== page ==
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Produce Growers Come Together with Farm Labor Regulators and Service Providers to Seek Solutions to Labor Shortage

For Immediate Release:  Dec. 10, 2018


Marilyn Bay Drake   303-594-3827  admin@coloradoproduce.org

Adrian Card   303-678-6383   adrian.card@colostate.edu

Colorado produce growers as well as farm labor regulators and service providers came together last week to seek solutions to the acute farm worker shortage throughout the state. The meetings happened Dec. 3-4 at the Colorado Agriculture and Farm Labor Summit in Colorado Springs, Colo., and Dec. 5, at the Colorado Fruit & Vegetable Growers Association (CFVGA) Produce Labor Conference in Aurora, Colo.

Growers and regulators, who have at times been in productive dialogue, met to work toward solutions that provide services available to farm labors and provide the labor growers need to raise and harvest crops. CFVGA conference attendees had an opportunity to discuss an idea that came out of the Dec, 3-4 conference on ways to improve domestic farm worker recruitment.

“This process gave growers the opportunity to see what services are available from the public sector for their workers,” said CFVGA President Robert Sakata, who co-chaired the session with Colorado Department of Labor & Employment Director of Southeast and South-Central Workforce Areas Betty Velasquez. “And it also let service providers understand the difficulty farmers face finding qualified farm workers.”

In introducing the discussion, Velasquez said: “If your farm worker is better taken care of, he or she will be a better worker. It just makes sense (for growers and service providers) to work together.”

In addition, attendees heard from Jason Resnick of Western Growers that the adverse wage rate for foreign farm workers in Colorado is slated to increase to$13.13 per hour in January, which represents a 23 percent increase. The adverse wage rate is calculated as the rate that will not undercut domestic workers’pay rates.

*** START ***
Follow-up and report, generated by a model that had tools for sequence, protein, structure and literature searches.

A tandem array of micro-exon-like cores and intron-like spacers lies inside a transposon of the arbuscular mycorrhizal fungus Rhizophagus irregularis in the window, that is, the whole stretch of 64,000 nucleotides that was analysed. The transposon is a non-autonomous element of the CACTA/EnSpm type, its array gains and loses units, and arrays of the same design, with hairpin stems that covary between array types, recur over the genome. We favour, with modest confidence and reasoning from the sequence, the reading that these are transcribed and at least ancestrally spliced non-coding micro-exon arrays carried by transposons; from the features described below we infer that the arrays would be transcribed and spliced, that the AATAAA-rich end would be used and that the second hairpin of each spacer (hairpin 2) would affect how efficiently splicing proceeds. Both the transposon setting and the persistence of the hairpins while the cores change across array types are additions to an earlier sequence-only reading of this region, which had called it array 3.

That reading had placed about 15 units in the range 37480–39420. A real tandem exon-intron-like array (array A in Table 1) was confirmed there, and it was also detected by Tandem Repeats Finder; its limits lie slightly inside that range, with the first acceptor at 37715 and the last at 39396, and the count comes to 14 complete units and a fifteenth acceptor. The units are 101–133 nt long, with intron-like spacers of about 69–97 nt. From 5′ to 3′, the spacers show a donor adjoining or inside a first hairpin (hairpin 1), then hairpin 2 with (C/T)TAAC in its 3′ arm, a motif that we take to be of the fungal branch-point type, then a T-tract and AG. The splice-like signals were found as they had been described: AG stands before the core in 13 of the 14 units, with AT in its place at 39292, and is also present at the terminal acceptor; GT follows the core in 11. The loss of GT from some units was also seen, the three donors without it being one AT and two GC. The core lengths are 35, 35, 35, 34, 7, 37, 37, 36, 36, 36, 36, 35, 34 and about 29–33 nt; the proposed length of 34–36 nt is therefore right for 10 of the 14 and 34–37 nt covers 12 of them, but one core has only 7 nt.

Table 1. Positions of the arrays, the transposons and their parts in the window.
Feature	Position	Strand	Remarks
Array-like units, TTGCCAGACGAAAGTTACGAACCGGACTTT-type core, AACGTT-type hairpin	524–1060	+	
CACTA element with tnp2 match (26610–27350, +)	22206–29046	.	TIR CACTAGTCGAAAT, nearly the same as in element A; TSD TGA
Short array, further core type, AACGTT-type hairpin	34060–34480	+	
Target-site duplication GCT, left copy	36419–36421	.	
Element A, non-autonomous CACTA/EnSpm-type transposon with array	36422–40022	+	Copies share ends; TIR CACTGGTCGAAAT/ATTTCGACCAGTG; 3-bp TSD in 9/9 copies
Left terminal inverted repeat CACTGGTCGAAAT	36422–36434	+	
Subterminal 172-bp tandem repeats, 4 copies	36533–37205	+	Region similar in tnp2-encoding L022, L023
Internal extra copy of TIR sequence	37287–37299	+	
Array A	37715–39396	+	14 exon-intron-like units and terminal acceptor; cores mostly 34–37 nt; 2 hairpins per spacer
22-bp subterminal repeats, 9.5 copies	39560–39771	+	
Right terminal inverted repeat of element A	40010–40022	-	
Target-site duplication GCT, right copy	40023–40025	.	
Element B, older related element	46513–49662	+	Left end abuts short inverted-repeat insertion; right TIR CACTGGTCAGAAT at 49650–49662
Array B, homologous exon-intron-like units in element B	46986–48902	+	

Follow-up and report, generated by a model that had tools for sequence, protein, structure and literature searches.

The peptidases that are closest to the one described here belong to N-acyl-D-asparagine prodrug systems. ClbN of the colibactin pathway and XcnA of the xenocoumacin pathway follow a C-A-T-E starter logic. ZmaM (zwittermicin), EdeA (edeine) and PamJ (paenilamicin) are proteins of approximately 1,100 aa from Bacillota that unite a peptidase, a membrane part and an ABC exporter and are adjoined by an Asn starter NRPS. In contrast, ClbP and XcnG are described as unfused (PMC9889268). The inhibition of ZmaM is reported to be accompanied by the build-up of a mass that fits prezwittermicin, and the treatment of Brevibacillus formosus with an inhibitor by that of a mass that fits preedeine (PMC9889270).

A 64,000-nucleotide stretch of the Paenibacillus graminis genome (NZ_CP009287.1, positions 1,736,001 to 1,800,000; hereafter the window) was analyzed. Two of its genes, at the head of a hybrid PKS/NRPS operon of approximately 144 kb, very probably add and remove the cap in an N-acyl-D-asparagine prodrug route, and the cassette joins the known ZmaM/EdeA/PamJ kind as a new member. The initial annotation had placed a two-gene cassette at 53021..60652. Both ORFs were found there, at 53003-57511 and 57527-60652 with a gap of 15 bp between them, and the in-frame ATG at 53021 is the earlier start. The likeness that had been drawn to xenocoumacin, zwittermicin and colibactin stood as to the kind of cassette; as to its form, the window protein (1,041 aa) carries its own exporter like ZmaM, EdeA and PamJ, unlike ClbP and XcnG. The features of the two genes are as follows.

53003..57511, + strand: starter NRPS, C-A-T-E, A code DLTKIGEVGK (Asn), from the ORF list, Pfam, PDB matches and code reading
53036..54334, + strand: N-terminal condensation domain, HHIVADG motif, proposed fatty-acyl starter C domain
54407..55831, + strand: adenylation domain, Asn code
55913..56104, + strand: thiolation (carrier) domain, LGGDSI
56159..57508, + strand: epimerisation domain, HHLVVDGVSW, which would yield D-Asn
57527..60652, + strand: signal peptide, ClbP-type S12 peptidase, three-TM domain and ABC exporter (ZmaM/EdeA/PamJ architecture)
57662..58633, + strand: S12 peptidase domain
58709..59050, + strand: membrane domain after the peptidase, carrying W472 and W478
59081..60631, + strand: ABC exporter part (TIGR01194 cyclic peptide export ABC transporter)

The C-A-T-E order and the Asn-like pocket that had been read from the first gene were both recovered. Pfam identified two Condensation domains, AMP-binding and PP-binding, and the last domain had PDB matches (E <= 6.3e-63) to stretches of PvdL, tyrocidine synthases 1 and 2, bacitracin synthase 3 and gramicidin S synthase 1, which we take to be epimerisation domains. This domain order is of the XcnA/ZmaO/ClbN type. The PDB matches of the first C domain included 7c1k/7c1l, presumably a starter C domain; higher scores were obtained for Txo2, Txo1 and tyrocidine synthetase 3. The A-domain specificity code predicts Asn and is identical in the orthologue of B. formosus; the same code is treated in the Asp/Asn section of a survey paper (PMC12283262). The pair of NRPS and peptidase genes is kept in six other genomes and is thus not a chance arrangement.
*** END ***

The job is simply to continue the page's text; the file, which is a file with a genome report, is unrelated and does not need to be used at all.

“The 23 percent increase was a shocking amount for Colorado produce growers who are struggling with adverse weather and mixed produce prices,” said Sakata.“Fortunately, we had representatives from Sens. Gardener and Bennet and Rep.Buck’s offices in attendance and started the conversation about what they can do to lessen the steep increase, perhaps through a one-year moratorium on the wage increase.

Another part of the CFVGA was aimed at looking for technology and innovative ideas to alleviate the farm labor shortage. To that end, CFVGA’s labor conference featured demonstrations of products currently on the market as well as ideas still under formation. The winner of the demonstration of current technology was C&M Transplanters, and the winner of the ideas under formation was a cooperative mobile labor workforce.

The CFVGA is comprised of approximately 250 members, including growers of all sizes and types of production throughout the state, as well as representatives of allied industries. The Colorado fruit and vegetable growing sector contributes nearly $485 million to Colorado in production and sales and is multiplied as it goes through the distribution chain. Over 90,000 Colorado acres are in fruit and vegetable production.


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